Saturday, May 07, 2011

Portrait of the Writer as a Young Lady

When I was sixteen, I wrote stories for my friends sitting in the school cafeteria during lunch, half-attuned to their bubbling conversations but mostly immersed in my own freshly created worlds. I was the world’s happiest writer. I had time, an enthusiastic (and largely uncritical) audience and a tumultuous environ—high school—filled with a vast set of new ideas to constantly draw on.

I thought that if I wanted to become a writer (whatever that meant) as all of my teachers encouraged me to do, I would simply do it. Granted, I defined the occupation of ‘writer’ very generously. If I wrote, I was a writer. So what if only my closest friends saw what I had produced? I was able to entertain them, to while away the lengthy lunch periods the school board granted us and I got great grades in English.

Like I said, I was a very contented writer.

For nearly a decade afterwards, I was happy to write for my own amusement—my audience having slipped away to careers and cities far from our suburban hometown—and I did so, churning out a dizzying amount of trash. Writing mainly in one specific genre, I never strove for originality. I never edited my work but I did re-read it frequently, the way I re-read my favourite authors in that same category. In my head, I was equal to those best-selling published authors. Hey, I enjoyed reading my own work, didn’t I?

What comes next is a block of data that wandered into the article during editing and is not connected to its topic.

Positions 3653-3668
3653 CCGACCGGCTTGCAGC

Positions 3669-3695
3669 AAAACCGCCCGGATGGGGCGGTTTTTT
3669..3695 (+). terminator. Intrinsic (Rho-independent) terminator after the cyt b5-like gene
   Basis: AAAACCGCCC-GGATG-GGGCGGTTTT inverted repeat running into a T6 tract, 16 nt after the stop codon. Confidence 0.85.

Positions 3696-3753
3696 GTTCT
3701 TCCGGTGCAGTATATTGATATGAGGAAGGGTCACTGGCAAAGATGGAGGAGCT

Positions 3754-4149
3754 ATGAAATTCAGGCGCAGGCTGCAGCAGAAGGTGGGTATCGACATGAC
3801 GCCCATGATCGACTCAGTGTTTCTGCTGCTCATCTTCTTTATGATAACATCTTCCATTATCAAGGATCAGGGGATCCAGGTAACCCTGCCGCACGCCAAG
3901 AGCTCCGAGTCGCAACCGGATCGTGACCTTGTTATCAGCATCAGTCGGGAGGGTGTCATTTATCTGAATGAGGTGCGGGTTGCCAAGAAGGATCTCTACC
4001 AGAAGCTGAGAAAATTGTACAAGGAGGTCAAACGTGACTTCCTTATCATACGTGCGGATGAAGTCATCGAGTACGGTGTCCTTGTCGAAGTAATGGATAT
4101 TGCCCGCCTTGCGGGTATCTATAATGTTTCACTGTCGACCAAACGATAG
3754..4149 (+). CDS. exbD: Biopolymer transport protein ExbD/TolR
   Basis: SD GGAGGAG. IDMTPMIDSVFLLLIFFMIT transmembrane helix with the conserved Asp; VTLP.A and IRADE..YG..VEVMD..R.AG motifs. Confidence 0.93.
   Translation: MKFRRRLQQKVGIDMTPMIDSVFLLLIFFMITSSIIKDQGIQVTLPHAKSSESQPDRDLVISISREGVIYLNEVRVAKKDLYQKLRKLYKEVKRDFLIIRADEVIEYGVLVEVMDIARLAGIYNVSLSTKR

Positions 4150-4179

Occasionally, I would enter a writing contest, most frequently the one put out by my local newspaper, which offered a fantastic cash prize. At sixteen, I had won a local arts award as an ‘emerging writer’. I got to meet the mayor and June Callwood handed me my award. Aside from the plastic trophy, which I kept on my bedside table until I knocked it over one night and my mother had to perform sloppy glue-based surgery, I won a writing course by correspondence. This package sat in my closet for several years until it grew old and dusty enough to throw away.

What did I need courses for? I was a writer already. A young, unpublished, unknown writer. But the adjectives were only qualifiers. All that was needed to erase them was time.

Over the years I acquired a degree and a day job exciting enough to hold my interest and weighty enough to impress strangers. It should have been enough. It was enough for long stretches of time. But I was still furtively constructing stories and churning out genre novels—I completed at least ten while I was at school and then working. I was still a writer.

But what was I doing about my writing career?

Photo courtesy of Keattikorn at

No comments:

Post a Comment